For years we’ve been talking about it – eliminating the credit union federal corporate tax exemption because credit unions no longer serve their tax-exempt purpose. Now, in this season of historic tax reform, the time has come.
Even a credit union executive questions the exemption. Robert Taylor, president and CEO of ISU Credit Union in Idaho, expressed in the Credit Union Journal: “Senator Orrin Hatch may be right,” referencing a letter Hatch sent to the chairman of the National Credit Union Administration.
The Utah Republican wrote: “The credit union industry is evolving in ways that take many credit unions further from their original tax-exempt purpose.”
That original tax-exempt purpose, per the Federal Credit Union Act of 1934, was for credit unions to serve “persons of small means,” united by common bond provisions, such as employment or geographical location.
Yet for years credit unions have been pushing the boundaries of common bond requirements, to where contrived fields of membership, for example joining a “financial fitness” organization for $10, render common bond provisions meaningless.
The expansion of fields of membership allowed financially savvy consumers to flee to the benefits only untaxed institutions could offer.
Many credit union members are no longer “persons of small means.”
In fact, modern-day credit union members on average enjoy higher incomes than their bank customer counterparts, according to a study conducted by the U.S. Government Accountability Office.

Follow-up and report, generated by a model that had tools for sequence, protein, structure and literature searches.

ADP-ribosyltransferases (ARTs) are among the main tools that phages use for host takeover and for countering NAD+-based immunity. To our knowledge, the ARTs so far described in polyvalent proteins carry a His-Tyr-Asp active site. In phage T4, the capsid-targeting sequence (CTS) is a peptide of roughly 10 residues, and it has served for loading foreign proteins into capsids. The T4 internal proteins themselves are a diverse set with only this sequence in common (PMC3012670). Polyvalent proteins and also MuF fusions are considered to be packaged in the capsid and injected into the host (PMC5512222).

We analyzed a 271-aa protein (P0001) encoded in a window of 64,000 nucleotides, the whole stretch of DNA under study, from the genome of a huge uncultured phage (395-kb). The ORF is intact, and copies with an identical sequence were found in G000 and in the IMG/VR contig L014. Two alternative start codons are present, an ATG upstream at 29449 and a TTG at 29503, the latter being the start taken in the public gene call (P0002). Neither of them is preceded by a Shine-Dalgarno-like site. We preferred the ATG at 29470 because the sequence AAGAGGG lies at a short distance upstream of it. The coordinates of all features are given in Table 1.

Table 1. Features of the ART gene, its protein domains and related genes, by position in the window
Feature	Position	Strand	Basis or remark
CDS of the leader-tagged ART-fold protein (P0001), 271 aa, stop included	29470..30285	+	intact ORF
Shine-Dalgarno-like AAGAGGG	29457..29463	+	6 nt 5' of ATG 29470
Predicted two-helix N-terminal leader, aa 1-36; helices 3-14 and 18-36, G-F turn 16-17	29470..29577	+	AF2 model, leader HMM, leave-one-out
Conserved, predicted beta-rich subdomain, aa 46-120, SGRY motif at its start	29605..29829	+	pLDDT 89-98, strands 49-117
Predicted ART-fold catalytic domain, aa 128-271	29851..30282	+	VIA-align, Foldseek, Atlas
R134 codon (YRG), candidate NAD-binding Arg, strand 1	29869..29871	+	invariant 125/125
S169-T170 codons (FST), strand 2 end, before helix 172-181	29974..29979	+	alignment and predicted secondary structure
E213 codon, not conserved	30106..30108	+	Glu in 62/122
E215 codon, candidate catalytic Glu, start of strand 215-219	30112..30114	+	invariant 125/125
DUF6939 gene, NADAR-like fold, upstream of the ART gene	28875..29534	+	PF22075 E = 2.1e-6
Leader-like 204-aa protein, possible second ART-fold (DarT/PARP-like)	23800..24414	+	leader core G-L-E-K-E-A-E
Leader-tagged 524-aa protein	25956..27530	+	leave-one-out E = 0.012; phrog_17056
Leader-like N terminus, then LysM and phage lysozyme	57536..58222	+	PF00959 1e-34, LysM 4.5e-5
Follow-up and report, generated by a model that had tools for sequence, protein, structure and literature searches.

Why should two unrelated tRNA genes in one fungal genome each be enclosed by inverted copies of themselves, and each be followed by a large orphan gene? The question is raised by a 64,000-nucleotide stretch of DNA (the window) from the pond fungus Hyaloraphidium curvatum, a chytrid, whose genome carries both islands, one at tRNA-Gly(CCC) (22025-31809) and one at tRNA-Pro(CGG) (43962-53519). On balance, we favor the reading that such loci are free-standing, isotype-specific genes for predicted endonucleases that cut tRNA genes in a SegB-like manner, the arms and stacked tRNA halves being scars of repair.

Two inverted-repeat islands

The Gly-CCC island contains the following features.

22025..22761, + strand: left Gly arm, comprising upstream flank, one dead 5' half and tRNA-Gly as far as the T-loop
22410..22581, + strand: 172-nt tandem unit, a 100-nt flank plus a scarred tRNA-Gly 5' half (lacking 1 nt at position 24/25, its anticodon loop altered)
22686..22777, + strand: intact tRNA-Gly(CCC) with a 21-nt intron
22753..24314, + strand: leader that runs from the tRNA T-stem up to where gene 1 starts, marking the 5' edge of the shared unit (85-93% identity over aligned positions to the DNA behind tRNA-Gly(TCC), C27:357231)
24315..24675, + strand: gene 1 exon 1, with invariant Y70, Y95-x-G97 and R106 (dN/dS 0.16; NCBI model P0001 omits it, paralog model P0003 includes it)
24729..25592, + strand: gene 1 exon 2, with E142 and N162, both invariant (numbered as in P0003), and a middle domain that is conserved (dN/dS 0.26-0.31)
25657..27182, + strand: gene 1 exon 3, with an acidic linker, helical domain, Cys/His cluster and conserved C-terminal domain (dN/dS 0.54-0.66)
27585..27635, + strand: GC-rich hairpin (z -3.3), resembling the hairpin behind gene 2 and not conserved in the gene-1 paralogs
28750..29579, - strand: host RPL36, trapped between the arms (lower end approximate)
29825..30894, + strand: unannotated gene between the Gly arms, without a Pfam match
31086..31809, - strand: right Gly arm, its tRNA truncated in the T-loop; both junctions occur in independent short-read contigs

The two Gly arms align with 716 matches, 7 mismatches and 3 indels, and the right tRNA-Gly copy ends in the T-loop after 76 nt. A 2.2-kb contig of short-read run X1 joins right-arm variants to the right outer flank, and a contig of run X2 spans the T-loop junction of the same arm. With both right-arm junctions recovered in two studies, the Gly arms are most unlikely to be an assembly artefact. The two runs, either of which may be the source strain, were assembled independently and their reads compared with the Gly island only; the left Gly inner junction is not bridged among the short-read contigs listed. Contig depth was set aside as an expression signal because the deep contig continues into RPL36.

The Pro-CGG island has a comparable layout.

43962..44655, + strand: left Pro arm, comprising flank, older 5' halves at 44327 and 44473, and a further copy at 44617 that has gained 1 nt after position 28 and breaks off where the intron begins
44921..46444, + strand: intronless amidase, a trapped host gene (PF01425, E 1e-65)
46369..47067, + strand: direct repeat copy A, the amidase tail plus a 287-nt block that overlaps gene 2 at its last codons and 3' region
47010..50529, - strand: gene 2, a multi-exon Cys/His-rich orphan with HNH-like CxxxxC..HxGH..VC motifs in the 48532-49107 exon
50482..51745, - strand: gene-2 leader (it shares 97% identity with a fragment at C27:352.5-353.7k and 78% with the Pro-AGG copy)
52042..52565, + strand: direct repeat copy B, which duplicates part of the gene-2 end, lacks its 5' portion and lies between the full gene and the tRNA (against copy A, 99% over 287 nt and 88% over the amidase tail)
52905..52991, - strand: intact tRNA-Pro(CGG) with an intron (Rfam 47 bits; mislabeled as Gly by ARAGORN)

Some credit union advocates claim that the federal tax exemption is not based on size or income, but on the member-owned structure of credit unions. Yet hundreds of mutual savings banks, which are owned by their depositors, pay federal taxes, as well as mutual insurance companies, which are owned by their policyholders. If these cooperatives can pay their fair share in federal taxes, so can credit unions.
The biggest loser in this outmoded system is the U.S. taxpayer, who must make up the $2.9 billion annually that would be going into the Treasury – according to the Joint Committee on Taxation – if only federal credit unions paid their portion. Additionally, due to rising annual cost projections, the committee estimates that the five-year cost from 2016 to 2020 will come to $14.4 billion in lost tax revenue.
Today’s largest credit unions bear little resemblance to their Depression-era predecessors. According to fourth-quarter 2017 call report figures, at year-end there were 287 U.S. credit unions with more than $1 billion in assets, accounting for 64 percent of total system assets. Some of these mega institutions pay outlandish salaries, purchase luxury headquarters and even buy naming rights to major sports stadiums.
Clearly, credit unions are not what they used to be. Now is the time for lawmakers to take the next logical step in tax reform and repeal the federal tax-exempt status of the credit union industry.
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